MMI: Multimodel inference or models with management implications?

John Fieberg, Douglas H. Johnson

Research output: Contribution to journalArticlepeer-review

37 Scopus citations

Abstract

We consider a variety of regression modeling strategies for analyzing observational data associated with typical wildlife studies, including all subsets and stepwise regression, a single full model, and Akaike's Information Criterion (AIC)-based multimodel inference. Although there are advantages and disadvantages to each approach, we suggest that there is no unique best way to analyze data. Further, we argue that, although multimodel inference can be useful in natural resource management, the importance of considering causality and accurately estimating effect sizes is greater than simply considering a variety of models. Determining causation is far more valuable than simply indicating how the response variable and explanatory variables covaried within a data set, especially when the data set did not arise from a controlled experiment. Understanding the causal mechanism will provide much better predictions beyond the range of data observed.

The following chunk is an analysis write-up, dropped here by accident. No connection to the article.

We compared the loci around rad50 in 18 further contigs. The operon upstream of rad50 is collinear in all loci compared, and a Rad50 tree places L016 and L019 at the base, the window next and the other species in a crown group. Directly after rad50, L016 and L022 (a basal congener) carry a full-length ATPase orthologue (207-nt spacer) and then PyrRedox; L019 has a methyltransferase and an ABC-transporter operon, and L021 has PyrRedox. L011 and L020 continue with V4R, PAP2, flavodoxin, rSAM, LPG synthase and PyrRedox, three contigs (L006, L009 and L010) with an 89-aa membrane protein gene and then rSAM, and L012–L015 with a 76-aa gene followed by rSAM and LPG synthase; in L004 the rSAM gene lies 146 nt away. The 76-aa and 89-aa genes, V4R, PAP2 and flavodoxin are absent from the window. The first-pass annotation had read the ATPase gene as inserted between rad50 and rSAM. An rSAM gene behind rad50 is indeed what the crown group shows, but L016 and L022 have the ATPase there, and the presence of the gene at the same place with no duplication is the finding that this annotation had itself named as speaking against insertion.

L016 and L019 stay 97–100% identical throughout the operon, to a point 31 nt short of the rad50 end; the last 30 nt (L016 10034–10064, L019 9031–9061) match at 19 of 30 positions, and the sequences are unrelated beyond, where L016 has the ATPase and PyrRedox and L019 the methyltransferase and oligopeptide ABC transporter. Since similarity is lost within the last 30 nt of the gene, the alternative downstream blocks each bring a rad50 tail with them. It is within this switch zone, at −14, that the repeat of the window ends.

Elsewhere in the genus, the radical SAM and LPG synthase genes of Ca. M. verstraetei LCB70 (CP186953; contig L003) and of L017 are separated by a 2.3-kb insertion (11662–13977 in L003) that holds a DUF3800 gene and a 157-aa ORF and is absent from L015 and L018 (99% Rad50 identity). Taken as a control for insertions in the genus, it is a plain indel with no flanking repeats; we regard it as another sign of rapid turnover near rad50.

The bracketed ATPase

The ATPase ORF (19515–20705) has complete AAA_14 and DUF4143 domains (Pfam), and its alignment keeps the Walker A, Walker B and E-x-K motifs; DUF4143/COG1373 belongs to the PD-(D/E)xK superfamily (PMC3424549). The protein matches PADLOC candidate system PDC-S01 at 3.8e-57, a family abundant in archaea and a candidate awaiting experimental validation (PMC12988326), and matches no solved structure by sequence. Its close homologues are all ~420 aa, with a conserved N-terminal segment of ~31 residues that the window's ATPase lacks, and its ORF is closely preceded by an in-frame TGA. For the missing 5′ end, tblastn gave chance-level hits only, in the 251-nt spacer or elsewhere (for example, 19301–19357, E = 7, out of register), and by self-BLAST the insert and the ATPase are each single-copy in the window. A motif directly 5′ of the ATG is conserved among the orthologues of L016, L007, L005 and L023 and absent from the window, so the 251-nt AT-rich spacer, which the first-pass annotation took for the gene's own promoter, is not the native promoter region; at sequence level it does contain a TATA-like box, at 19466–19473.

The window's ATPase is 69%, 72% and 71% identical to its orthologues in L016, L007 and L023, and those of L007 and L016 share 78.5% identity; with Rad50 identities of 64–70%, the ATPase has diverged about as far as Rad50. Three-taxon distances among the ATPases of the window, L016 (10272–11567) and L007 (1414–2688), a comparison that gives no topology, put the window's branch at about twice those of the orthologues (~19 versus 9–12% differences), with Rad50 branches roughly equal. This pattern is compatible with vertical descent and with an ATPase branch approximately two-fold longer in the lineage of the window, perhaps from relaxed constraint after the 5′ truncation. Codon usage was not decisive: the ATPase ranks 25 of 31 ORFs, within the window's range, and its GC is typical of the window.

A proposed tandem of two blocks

Original languageEnglish (US)
Pages (from-to)708-718
Number of pages11
JournalJournal of Wildlife Management
Volume79
Issue number5
DOIs
StatePublished - Jul 1 2015

Bibliographical note

Publisher Copyright:
© 2015 The Wildlife Society.

Keywords

  • causation
  • effect size
  • mechanism
  • model selection
  • multicollinearity
  • multimodel inference
  • observational data
  • overfitting
  • prediction
  • statistics

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